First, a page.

Articulatory features define properties of speech production, i.e. they describe the basic sounds we make. Phonemes on the other hand are the smallest units of sound used to form meaningful speech. In Finnish basically all the phonemes correspond to a letter, whereas in English they do not. However, phonemes are used to model pronounciation, and they are therefore cross- and multilingual.
The authors did experiments on their model using the TIMIT corpus, containing speech from American English speakers of different sexes and dialects. The corpus also contains the correct phonemes used in the speech. Following methods for phoneme recognition were applied:
- Independent MLP (multilayer perceptron)
- Multitask MLP
- Phoneme MLP
Independent MLP is a standard method, whereas (2) and (3) are novel methods presented in their paper. In each method, articulatory features were learned from the audio, and an MLP network was trained to predict the phonemes. In independent MLP the classifiers are independent. However, since the features actually are interrelated, multitask learning was considered to be needed. The prediction accuracies (speech to phoneme) for independent, multitask and phenome MLP were 67.4%, 68.9% and 70.2%, respectively.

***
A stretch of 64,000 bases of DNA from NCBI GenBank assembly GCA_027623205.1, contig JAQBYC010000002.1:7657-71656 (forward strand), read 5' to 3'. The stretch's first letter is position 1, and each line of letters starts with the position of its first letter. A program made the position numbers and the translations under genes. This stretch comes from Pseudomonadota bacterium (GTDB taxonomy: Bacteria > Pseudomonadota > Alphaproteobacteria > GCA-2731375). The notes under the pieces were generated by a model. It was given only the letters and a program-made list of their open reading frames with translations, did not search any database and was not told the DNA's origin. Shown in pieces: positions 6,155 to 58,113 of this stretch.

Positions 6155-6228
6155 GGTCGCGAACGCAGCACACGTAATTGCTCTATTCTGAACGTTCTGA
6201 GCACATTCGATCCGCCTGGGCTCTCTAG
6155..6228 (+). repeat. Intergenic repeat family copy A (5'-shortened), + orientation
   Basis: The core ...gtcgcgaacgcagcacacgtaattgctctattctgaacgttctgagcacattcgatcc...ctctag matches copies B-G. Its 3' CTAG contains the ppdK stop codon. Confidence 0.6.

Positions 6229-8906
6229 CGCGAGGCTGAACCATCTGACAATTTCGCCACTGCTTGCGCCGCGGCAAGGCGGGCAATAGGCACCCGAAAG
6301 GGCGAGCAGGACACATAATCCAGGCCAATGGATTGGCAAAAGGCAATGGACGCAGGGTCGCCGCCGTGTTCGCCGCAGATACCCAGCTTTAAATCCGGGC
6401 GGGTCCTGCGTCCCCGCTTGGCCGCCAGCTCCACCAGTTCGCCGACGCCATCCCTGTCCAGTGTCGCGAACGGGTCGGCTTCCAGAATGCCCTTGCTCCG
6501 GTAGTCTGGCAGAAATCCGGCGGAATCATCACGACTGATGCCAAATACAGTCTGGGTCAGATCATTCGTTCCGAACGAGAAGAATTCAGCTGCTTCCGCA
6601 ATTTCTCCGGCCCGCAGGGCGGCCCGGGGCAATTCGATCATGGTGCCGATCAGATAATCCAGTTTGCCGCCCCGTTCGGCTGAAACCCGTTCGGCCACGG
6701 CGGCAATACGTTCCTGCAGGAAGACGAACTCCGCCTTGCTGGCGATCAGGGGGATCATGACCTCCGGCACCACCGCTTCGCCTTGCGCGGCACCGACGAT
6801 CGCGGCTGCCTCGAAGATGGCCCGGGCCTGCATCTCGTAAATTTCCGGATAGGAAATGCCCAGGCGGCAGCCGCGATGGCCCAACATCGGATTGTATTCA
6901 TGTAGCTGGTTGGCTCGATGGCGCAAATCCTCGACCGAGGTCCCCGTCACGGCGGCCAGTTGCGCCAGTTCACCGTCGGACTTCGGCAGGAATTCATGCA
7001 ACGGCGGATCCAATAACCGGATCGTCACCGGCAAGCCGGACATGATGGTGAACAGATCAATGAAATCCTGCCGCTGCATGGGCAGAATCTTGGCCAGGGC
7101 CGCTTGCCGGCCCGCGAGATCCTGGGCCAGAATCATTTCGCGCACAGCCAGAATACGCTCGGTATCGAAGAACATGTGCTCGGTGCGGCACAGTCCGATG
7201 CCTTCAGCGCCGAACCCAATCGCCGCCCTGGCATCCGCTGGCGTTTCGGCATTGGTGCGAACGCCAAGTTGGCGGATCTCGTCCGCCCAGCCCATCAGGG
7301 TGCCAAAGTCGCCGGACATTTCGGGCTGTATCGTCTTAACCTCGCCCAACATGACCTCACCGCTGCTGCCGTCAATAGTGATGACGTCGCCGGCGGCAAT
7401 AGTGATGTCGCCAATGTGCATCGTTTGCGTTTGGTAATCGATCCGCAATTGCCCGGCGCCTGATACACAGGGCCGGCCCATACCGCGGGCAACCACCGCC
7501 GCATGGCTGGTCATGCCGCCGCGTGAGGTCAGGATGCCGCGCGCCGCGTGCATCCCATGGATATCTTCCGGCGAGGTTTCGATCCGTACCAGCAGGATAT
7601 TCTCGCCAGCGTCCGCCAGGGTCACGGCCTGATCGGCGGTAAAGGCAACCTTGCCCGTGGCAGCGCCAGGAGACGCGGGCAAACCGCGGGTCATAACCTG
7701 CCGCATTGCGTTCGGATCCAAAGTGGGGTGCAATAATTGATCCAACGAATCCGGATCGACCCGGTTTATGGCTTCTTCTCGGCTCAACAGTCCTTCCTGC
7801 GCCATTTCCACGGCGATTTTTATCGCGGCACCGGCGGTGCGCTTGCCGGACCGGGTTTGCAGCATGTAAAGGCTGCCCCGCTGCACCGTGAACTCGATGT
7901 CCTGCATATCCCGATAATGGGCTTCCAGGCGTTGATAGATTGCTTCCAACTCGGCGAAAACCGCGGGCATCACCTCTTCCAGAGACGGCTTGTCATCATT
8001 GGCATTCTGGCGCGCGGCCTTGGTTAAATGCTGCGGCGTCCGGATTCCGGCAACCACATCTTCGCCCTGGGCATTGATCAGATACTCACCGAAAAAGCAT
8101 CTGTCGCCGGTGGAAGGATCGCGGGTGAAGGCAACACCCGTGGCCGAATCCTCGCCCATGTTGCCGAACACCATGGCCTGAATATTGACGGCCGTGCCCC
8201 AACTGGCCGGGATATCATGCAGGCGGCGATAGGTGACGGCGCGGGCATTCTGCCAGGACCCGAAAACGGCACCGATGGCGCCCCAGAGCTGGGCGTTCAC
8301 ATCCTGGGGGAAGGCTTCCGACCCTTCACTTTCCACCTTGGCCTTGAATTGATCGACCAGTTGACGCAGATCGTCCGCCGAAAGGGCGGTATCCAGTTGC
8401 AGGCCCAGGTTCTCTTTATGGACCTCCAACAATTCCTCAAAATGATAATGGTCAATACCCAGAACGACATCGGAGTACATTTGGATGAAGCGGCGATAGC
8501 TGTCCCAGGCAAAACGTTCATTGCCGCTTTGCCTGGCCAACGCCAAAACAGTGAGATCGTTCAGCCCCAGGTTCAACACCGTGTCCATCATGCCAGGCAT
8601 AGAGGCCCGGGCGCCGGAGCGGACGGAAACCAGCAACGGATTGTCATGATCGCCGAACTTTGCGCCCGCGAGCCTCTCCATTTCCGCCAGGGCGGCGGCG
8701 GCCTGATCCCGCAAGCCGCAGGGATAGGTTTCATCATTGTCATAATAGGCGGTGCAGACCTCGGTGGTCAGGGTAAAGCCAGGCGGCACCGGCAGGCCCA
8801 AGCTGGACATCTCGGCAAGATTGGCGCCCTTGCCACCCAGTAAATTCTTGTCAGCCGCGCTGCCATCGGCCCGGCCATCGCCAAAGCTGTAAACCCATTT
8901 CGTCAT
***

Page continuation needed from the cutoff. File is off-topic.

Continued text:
Additionally, a hierarchical version was presented for each method. They performed better than the original ones, maintaining the order of performance.
Rasipuram presented their work to be continued with:
- Automatic speech recognition studies
- Different importance weights for features
- Adding gender and rate of speech as features
The talk gained some critique, as one researcher in the audience stated that performance better than this had been achieved already years ago. This wasn't really addressed by the author.